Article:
Hydroxycitrate: a potential new therapy for calcium urolithiasis
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Alkali supplements are used to treat calcium kidney stones owing to their ability to increase urine citrate excretion which lowers stone risk by inhibiting crystallization and complexing calcium. However, alkali increases urine pH, which may reduce effectiveness for patients with calcium phosphate stones and alkaline urine. Hydroxycitrate is a structural analog of citrate, widely available as an over-the-counter supplement for weight reduction. In vitro studies show hydroxycitrate has the capacity to complex calcium equivalent to that of citrate and that it is an effective inhibitor of calcium oxalate monohydrate crystallization. In fact, hydroxycitrate was shown to dissolve calcium oxalate crystals in supersaturated solution in vitro. Hydroxycitrate is not known to be metabolized by humans, so it would not be expected to alter urine pH, as opposed to citrate therapy. Preliminary studies have shown orally ingested hydroxycitrate is excreted in urine, making it an excellent candidate as a stone therapeutic. In this article, we detail the crystal inhibition activity of hydroxycitrate, review the current knowledge of hydroxycitrate use in humans, and identify gaps in knowledge that require appropriate research studies before hydroxycitrate can be recommended as a therapy for kidney stones.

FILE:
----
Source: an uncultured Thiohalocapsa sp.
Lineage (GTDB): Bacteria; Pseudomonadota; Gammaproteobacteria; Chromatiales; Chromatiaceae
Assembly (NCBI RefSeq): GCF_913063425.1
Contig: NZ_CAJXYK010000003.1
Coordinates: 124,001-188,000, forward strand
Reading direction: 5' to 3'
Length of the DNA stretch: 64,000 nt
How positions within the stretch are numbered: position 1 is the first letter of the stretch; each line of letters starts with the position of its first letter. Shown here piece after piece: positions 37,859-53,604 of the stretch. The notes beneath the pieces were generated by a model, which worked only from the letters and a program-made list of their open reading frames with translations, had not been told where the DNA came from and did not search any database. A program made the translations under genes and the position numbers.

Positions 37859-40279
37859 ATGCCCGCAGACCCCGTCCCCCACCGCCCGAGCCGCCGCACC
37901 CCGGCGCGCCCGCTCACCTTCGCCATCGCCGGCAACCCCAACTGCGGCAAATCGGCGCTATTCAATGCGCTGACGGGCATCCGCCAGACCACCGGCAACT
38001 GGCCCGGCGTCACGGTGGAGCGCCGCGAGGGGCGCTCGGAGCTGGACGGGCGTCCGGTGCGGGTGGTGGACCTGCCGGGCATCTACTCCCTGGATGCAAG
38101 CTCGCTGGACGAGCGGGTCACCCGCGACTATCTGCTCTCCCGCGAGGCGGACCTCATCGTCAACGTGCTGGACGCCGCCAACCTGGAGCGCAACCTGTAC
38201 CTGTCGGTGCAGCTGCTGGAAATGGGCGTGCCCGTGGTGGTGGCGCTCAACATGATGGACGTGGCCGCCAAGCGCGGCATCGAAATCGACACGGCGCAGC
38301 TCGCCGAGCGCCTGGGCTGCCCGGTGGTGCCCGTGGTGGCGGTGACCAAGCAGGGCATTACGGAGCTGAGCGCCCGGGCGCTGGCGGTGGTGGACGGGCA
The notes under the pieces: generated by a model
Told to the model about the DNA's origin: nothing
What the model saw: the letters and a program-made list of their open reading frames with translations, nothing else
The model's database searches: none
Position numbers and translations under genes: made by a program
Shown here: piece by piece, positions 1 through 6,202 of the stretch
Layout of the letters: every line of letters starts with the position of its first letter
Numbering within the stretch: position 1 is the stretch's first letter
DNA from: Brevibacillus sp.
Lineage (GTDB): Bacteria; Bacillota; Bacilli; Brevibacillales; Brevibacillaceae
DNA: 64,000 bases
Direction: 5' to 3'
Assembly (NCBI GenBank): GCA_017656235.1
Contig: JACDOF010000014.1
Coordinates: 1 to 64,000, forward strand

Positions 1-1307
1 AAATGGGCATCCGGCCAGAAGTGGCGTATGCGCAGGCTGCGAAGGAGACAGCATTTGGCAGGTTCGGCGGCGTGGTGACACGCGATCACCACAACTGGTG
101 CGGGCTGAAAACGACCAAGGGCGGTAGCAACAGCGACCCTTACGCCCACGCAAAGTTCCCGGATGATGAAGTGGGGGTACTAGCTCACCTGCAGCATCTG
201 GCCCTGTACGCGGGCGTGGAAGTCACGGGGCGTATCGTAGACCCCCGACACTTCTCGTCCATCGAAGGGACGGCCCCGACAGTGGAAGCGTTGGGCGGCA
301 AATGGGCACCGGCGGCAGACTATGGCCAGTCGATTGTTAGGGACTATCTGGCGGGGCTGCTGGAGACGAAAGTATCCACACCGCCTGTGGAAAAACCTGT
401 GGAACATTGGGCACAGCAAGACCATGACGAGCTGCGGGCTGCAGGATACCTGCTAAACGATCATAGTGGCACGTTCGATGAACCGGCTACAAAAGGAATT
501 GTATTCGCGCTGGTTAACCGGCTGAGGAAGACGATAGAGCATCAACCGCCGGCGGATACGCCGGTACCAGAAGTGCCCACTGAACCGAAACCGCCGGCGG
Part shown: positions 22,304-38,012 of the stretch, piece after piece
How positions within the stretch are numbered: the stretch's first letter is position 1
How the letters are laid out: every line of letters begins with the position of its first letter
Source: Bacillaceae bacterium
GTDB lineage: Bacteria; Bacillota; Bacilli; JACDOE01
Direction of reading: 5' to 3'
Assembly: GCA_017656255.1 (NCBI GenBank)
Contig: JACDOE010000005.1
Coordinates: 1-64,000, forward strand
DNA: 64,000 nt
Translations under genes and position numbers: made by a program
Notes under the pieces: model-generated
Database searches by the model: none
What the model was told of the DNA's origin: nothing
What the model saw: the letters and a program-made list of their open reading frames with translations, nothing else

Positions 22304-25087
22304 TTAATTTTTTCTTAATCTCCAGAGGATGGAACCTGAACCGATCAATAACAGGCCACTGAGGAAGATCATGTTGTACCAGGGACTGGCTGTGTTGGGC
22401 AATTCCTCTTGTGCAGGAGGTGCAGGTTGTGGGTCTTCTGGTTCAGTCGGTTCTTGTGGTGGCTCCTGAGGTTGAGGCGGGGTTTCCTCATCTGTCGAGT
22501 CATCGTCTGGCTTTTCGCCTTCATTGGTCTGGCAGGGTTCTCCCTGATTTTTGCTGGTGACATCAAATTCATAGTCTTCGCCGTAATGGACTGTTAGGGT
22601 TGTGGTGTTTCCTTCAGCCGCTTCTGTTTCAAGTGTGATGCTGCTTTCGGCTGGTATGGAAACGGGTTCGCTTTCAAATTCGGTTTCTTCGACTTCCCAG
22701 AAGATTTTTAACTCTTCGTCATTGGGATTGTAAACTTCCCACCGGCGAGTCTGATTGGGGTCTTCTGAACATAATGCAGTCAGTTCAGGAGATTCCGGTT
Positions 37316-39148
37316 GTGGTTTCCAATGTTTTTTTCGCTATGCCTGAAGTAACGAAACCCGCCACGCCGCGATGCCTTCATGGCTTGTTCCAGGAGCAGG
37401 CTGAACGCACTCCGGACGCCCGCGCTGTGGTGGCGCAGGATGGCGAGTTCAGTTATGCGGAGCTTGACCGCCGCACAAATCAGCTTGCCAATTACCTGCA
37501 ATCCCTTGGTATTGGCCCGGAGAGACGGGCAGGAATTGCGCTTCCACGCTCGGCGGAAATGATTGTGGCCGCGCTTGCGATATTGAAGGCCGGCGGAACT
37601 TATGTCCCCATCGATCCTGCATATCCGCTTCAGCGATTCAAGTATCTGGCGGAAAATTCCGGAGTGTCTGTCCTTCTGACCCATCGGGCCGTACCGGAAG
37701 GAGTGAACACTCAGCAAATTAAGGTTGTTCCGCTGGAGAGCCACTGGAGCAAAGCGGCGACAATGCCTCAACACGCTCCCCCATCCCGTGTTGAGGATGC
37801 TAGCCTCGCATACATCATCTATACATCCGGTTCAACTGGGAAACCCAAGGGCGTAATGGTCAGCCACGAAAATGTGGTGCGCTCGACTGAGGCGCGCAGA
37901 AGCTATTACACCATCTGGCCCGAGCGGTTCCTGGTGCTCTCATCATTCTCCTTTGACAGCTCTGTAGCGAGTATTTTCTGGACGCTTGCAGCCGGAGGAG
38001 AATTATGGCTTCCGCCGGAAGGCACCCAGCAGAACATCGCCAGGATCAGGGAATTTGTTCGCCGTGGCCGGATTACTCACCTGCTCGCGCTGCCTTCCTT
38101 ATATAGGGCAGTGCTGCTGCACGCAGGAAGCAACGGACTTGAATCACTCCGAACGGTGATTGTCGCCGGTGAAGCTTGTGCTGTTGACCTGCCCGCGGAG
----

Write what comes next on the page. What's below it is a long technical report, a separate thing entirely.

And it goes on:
KeywordsCrystal Inhibitor Calcium oxalate Calcium phosphate Supplement
Amorphous calcium oxalate
Atomic force microscopy
Calcium oxalate dihydrate
Calcium oxalate monohydrate
Calcium oxalate trihydrate
Food and drug administration
Genetic hypercalciuric stone forming
Over the counter
Upper limit of metastability
J.D.R. acknowledges support from the Welch Foundation (grant E-1794).
Compliance with ethical standards
Conflict of interest
J.R.A. and J.D.R. have filed patent applications on the use of hydroxycitrate and other modifiers as growth inhibitors of pathological calcification.
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